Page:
That’s not the only thing Facebook is up to. Back in December we saw a “test” roll out to a number of users where horizontal scrolling replaced the vertical scrolling feed on Instagram. It caused an uproar on social, and whilst Adam Mosseri, Head of Instagram, reassured users it was a ‘very small test that went broader than we anticipated’’, but we fully expect to a change like this hitting the platform in 2019.

Instagram will continue to ship new features that create a more seamless experience across stories and posts. And, with average brands posting only 9 days a month, there's lots of room for Stories to grow. - Seth Bridges, Head of Marketing & Product Founder, Rival IQ

P.S. Instagram isn’t the only one experimenting with the horizontal swipe feature, YouTube announced in January that viewers can navigate through videos with a single sweep!

3. Live Experiences Becomes The Norm

With 81 million live broadcasts on Twitter alone in 2018 and 13% of all internet traffic predicted to consist of live video by 2021, we can say with some certainty that live video experiences will continue to flourish on social media this year.

Live experiences offer something that native content can’t: real-time engagement. They’re more immersive, tailored and far less polished (something we refer to as Low-fi; more on that later). It’s not just a one-way communication tool, they allow the broadcaster and viewers to interact with one another, in the form of live Q&As, events, new product reveals and instant giveaways. In fact, Live videos on Facebook are watched 3x longer and get 10x more comments than those that are recorded according to Entrepreneur. Will this stop? We don’t think so, especially when companies are harmonising Live experiences with emerging technologies.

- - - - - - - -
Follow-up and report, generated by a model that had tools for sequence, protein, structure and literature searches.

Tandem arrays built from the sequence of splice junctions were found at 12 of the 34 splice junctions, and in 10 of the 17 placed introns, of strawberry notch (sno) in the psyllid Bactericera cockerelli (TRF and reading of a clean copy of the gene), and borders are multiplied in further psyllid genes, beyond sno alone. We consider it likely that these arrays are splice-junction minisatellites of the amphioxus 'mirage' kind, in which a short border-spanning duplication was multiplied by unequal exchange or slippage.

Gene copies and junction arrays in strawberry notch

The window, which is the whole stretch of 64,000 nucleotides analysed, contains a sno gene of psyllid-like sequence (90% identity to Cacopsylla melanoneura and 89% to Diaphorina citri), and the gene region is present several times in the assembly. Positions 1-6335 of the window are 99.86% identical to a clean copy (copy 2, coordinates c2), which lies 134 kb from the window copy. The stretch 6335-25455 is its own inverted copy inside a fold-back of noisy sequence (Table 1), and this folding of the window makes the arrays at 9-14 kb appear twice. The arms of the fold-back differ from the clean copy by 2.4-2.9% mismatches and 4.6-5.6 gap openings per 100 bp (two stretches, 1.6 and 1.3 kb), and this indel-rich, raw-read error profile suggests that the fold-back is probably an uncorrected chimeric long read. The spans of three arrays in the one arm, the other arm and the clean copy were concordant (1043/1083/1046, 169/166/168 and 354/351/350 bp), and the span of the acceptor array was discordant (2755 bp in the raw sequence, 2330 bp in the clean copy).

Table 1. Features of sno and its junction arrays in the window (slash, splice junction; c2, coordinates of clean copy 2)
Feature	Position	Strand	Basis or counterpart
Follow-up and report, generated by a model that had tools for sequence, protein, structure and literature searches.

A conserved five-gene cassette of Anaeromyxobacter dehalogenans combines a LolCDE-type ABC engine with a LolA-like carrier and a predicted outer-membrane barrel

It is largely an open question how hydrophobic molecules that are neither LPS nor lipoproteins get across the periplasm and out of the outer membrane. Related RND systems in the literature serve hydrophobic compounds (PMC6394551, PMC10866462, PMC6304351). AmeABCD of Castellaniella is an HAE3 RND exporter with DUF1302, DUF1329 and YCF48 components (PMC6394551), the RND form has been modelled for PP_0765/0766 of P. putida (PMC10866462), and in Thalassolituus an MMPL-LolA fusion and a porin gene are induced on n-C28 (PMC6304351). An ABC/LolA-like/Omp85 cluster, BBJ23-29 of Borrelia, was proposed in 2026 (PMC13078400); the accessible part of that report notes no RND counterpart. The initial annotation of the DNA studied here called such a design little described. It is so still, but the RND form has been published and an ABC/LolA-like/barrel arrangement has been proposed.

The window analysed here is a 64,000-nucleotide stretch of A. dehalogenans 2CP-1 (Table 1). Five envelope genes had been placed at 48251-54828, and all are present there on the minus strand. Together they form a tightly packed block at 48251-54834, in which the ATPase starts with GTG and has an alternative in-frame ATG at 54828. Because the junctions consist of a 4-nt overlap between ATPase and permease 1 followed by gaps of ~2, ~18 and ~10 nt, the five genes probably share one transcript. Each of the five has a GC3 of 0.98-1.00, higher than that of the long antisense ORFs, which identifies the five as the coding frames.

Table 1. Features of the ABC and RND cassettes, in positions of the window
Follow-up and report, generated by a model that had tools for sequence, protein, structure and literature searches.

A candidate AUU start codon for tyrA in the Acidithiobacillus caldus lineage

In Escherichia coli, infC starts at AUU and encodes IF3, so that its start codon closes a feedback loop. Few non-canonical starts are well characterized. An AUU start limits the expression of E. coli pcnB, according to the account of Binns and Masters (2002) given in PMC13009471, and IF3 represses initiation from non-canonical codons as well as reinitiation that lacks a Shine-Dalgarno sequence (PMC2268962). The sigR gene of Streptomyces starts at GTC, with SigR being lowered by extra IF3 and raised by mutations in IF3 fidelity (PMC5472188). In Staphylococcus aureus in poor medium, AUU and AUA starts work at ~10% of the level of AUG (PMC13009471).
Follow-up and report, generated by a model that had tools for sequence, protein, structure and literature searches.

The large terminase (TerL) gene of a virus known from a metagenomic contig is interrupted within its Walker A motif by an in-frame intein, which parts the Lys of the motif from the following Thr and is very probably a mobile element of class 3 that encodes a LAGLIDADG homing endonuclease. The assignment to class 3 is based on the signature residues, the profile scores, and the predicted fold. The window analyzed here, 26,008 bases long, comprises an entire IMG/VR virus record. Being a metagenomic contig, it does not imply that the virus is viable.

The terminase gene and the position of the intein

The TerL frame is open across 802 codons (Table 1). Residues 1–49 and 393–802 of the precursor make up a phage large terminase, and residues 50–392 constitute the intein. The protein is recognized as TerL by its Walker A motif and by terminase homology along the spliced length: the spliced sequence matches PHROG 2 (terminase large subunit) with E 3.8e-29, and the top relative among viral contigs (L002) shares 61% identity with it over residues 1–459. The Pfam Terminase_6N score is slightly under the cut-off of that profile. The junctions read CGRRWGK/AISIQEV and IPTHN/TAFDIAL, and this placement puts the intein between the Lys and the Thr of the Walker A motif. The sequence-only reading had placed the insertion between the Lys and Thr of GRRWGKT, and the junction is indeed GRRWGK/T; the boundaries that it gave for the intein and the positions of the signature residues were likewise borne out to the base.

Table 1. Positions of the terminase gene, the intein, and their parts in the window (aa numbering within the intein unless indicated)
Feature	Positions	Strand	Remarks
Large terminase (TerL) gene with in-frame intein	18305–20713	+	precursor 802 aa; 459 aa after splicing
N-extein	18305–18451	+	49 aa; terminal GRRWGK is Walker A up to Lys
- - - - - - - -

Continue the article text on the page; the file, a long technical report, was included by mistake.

Virtual reality headset company, Oculus, has just announced their first platform update for this year which includes the ability to broadcast VR to Facebook Live Gamers will be able to share their VR experience with their Facebook friends, opening up a new style of personal Live experiences, which we expect to cross over into business territory.

How? Through brand experiences, which are also set to hot up in 2019. Once audience members have had the taste of brand experiences, they crave more. They want experiences that are immersive, responsive and connected, and so brands will be putting a focus on not just the physical experience but the online, Live experience, too.

“We’ll only ever reach a small number at an event, so live-streaming will continue to become the norm, not the exception.”

Jessica Hargreaves, Chair, IPM Experiential Council

Live experiences are only just beginning, and we’re excited to see what’s to come!

4. Finding niche (not just reach) with micro-influencers

The use of influencers to promote products and services is not new. Brands have been building networks of ambassadors for years, often in the shape of celebrities with millions of followers and macro-influencers with > 100,000 followers. However, looking to 2019, we will see a significant change in the shape and size of brand ambassador networks. Brands are moving on from mega-star influencers in favour of ‘micro-influencers’ with a smaller, yet more-engaged, audiences.

These communities of individuals have close relationships with their niche followers in which their more authentic point of view is valued and trusted. This gives their recommendations more weight than celebs paid to post about something they probably don’t use.